Highlights and Challenges of 2009
Below, join PEPY’s directors Maryann Bylander and Daniela Papi as they reflect on the highlights and challenges of 2009. Are there questions you’d like to see answered in an extension of this conversation? Let us know!
What do you think your biggest achievements have been this year?
MA: Well, I think I’d have to start with the four schools we built. It might be surprising to say that, since those of you who have traveled with us know that one of the things we always stress is how the biggest changes in education will not be the result of buildings, but will be the result of investments in training, capacity building, and community advocacy. That’s all true, and I think we’ve had some incredible progress with the intangibles. But when I think about the year, my strongest memories are the community workshops, meetings with contractors, moments with volunteers, and the learning our staff went through that resulted in four safe (and beautiful) spaces for learning. I don’t believe that these buildings are the way we have impacted education in the most significant way this year, but I think managing four community-based school construction projects at the same time was a major achievement for our staff. Being on a construction site checking steel rebar, engaging the community in the construction process, figuring out how to make a building go up in Cambodia…. it was a tremendous challenge and our team did a fabulous job.
I think the other huge achievement is with our team of program staff. The most pressing challenge we deal with is getting the right people in the right places and keeping them there. Whether by luck or learning, we’ve managed to form a tight-knit, hard-working, inspiring team. Awatd, our Community Program Manager, and Ratana, our Education Program Manager run most of the show these days. I smile every time they get up in front of a training, or share their ideas for future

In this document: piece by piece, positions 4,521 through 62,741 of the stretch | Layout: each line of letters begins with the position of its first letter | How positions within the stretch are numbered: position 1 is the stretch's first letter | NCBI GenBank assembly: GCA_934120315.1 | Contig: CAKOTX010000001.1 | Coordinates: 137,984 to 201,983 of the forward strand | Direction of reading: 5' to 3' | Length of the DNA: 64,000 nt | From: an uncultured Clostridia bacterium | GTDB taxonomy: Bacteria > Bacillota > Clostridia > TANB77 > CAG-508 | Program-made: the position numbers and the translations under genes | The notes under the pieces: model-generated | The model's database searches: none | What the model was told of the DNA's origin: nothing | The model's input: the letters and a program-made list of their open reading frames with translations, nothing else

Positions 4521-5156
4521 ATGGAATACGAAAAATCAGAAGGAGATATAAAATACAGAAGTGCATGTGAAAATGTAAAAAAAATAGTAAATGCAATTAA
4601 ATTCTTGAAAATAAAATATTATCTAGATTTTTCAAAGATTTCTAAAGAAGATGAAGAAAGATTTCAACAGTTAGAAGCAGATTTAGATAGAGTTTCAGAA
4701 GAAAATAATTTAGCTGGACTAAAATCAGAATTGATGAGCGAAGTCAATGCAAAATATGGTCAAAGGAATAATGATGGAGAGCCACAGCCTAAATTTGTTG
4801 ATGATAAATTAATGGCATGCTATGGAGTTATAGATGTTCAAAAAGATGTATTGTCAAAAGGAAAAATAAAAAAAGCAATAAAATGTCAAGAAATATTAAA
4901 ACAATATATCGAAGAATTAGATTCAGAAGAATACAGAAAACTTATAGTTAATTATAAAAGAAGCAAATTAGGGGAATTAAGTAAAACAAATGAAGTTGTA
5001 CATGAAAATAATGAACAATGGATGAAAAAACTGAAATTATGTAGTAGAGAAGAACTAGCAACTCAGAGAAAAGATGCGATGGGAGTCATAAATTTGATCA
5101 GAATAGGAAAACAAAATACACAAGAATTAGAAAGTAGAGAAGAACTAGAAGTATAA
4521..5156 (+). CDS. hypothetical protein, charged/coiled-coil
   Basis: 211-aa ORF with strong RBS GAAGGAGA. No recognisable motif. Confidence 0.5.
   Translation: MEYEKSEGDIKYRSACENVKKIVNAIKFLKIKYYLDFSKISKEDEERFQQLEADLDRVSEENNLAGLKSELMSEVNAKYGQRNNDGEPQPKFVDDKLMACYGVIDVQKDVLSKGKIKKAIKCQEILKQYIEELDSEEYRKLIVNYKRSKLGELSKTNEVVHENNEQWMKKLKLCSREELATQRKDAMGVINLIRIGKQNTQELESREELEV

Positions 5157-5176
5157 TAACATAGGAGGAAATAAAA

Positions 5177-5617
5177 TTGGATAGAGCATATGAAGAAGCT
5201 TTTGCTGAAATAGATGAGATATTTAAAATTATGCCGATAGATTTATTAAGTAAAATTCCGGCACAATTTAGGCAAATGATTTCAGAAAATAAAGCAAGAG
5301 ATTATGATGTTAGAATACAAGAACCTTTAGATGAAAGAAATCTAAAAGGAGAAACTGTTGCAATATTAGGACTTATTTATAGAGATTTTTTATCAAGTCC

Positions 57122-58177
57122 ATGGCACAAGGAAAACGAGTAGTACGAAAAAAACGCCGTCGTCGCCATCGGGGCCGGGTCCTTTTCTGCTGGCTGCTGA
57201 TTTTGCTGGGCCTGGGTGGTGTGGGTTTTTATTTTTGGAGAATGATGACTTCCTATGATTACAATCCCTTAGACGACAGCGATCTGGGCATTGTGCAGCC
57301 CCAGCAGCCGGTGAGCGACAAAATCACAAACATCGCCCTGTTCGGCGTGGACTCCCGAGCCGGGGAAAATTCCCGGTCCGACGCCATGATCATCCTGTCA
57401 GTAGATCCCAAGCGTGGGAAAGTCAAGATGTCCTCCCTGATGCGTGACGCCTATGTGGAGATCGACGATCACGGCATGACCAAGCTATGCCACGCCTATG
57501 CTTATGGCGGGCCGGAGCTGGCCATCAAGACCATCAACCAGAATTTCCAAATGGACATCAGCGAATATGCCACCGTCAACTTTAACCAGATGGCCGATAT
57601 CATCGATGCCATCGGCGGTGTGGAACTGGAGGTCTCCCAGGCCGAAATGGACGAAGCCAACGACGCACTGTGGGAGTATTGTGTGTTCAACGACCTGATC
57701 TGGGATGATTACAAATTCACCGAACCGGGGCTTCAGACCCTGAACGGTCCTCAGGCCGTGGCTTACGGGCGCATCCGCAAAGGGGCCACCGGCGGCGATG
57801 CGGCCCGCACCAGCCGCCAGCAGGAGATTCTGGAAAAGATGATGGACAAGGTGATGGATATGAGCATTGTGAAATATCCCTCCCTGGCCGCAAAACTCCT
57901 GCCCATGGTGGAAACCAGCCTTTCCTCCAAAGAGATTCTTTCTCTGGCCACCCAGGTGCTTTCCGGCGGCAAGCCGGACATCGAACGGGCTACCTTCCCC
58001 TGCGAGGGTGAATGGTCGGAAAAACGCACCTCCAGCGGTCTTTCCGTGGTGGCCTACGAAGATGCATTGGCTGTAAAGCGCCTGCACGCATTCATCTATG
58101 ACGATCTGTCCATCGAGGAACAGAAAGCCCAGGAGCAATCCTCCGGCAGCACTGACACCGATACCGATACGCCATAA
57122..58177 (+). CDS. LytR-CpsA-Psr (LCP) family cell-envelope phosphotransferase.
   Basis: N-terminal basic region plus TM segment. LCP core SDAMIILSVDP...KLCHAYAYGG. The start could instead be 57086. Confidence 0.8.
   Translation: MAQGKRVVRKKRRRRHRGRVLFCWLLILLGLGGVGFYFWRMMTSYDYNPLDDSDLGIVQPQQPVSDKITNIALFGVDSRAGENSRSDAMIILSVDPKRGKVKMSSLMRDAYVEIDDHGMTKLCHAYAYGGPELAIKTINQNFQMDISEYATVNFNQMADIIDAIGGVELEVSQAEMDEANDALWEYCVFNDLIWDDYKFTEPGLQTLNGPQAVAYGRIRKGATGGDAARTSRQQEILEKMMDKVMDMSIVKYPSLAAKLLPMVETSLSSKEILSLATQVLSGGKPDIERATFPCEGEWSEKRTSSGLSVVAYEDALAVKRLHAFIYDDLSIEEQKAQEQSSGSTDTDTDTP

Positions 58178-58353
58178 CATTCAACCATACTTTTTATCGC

program changes with us.
D: Watching a proactive team of PEPY staff, Cambodian government teachers, and trainers from the Provincial Teacher’s Training College (PTTC) make our second Khmer Literacy Camp a really inspiring place to be was one of the highlights of the year for me. Last year when we tried to do this for the first time, we didn’t have the right staff, we didn’t have the right materials, and we didn’t really have a strong plan for what the camp would look like. It was a success last year in that it opened the doors to several literacy improvements in our school programs, but it took the full effort of nearly all of our team to make it happen, and it was not a very community-driven initiative. This year, in contrast, the PEPY staff had much less to do with the camp, as the teachers and principals of the 10 schools involved led the way, along with the PEPY team, and they had the vision of what the camp should look like. Finding talented teacher trainers from the PTTC was one of the biggest keys to success of this program and we will continue to look to them for advice and training as we improve our programs.
What would you have done differently?